Yes, it was kind of a pain to click out video searches with the Roku remote control. A tablet like the Fire would make that easier given its virtual keyboard. However, in short order I'd purchased the first episode of this season's "Survivor South Pacific." (Somehow our DVR had failed to record the series; naturally I assume it was DirecTV's problem, not mine.)
The Roku streamed the television program perfectly, in HD, without commercials. This, by the way, was much better performance than Apple TV offered when I tried to do the same thing with that device. Apple TV requires that a program be downloaded, rather than streamed.
I gave up when I saw that Apple TV had only downloaded 21 minutes of a one hour program after taking about ten minutes to do even that. Then, when I went back to see how Apple TV was doing, the download had frozen. I'll probably try to get my $2.99 or whatever it was back from iTunes. For now, I'll content myself with blog-bashing Apple TV. Roku is better, so far as I can tell.
Anyway, back to the Kindle Fire. Since I've never felt that I needed an iPad, I guess I shouldn't be surprised that I wasn't turned on by the Kindle Fire. It was ever less gadget-desire-kindling than I anticipated it would be, though.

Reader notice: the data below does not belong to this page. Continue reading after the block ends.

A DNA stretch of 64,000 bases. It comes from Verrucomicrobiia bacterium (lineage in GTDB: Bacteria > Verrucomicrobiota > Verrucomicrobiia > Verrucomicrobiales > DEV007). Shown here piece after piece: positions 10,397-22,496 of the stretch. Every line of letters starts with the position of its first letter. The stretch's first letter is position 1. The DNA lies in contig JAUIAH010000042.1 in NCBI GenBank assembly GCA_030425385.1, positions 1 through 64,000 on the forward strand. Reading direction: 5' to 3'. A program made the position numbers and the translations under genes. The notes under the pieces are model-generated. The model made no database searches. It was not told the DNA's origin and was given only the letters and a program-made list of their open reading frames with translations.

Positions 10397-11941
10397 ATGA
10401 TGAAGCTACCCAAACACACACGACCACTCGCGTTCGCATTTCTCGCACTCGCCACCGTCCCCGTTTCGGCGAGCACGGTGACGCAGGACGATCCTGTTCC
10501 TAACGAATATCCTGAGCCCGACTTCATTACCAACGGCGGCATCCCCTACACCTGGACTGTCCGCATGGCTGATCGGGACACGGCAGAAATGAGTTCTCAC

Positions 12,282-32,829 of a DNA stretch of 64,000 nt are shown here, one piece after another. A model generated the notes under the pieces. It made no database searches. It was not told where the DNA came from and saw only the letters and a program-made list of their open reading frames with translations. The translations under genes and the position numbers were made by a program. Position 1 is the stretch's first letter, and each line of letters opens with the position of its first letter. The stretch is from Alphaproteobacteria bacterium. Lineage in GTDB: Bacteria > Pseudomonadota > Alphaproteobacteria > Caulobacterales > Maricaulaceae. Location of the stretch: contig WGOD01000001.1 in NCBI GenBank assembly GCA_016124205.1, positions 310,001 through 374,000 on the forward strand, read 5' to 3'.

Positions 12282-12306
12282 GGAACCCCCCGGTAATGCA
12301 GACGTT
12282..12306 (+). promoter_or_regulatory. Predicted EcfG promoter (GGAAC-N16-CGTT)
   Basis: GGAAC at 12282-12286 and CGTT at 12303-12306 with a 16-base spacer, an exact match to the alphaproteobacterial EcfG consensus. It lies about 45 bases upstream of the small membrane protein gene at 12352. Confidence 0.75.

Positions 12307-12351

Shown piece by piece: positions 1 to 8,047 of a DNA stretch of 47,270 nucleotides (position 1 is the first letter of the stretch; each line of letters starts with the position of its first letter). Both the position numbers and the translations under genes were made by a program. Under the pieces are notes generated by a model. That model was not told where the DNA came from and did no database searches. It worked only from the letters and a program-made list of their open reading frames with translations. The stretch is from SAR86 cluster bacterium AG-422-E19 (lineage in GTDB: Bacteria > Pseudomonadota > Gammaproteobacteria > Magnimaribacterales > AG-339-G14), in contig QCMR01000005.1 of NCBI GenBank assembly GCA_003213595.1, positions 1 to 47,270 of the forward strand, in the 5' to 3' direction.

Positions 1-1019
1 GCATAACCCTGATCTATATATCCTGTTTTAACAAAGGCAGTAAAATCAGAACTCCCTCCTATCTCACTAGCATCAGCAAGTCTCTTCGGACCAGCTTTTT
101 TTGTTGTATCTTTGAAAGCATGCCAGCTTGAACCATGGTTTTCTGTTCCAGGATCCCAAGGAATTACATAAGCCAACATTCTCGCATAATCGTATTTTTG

This review pretty much sums up how I feel. The Fire isn't really a tablet; it's mainly an Amazon content provider. And it's e-reading capabilities aren't as good as lower cost Kindle alternatives, if that's what you're looking for.
The review ends with:
Ultimately, the $200 Kindle Fire lacks many features I consider essential in a serious tablet: the ability to work on it using a keyboard, browse the Internet quickly, view whole magazine pages, and so on. But we can't fault it for not being an iPad. It's only a few hundred fewer dollars, and Amazon has never marketed it as a tablet. This is a basic media consumption device.
I wouldn't be discussing pricing if I didn't have some doubts about the Kindle Fire's value. There are no dealbreakers here, but the Kindle Fire is pretty pokey, and the browsing experience is not (yet) what was promised. The Kindle Fire operating system doesn't improve on Gingerbread in any appreciable way, and all it does is put Amazon's services and stores front and center.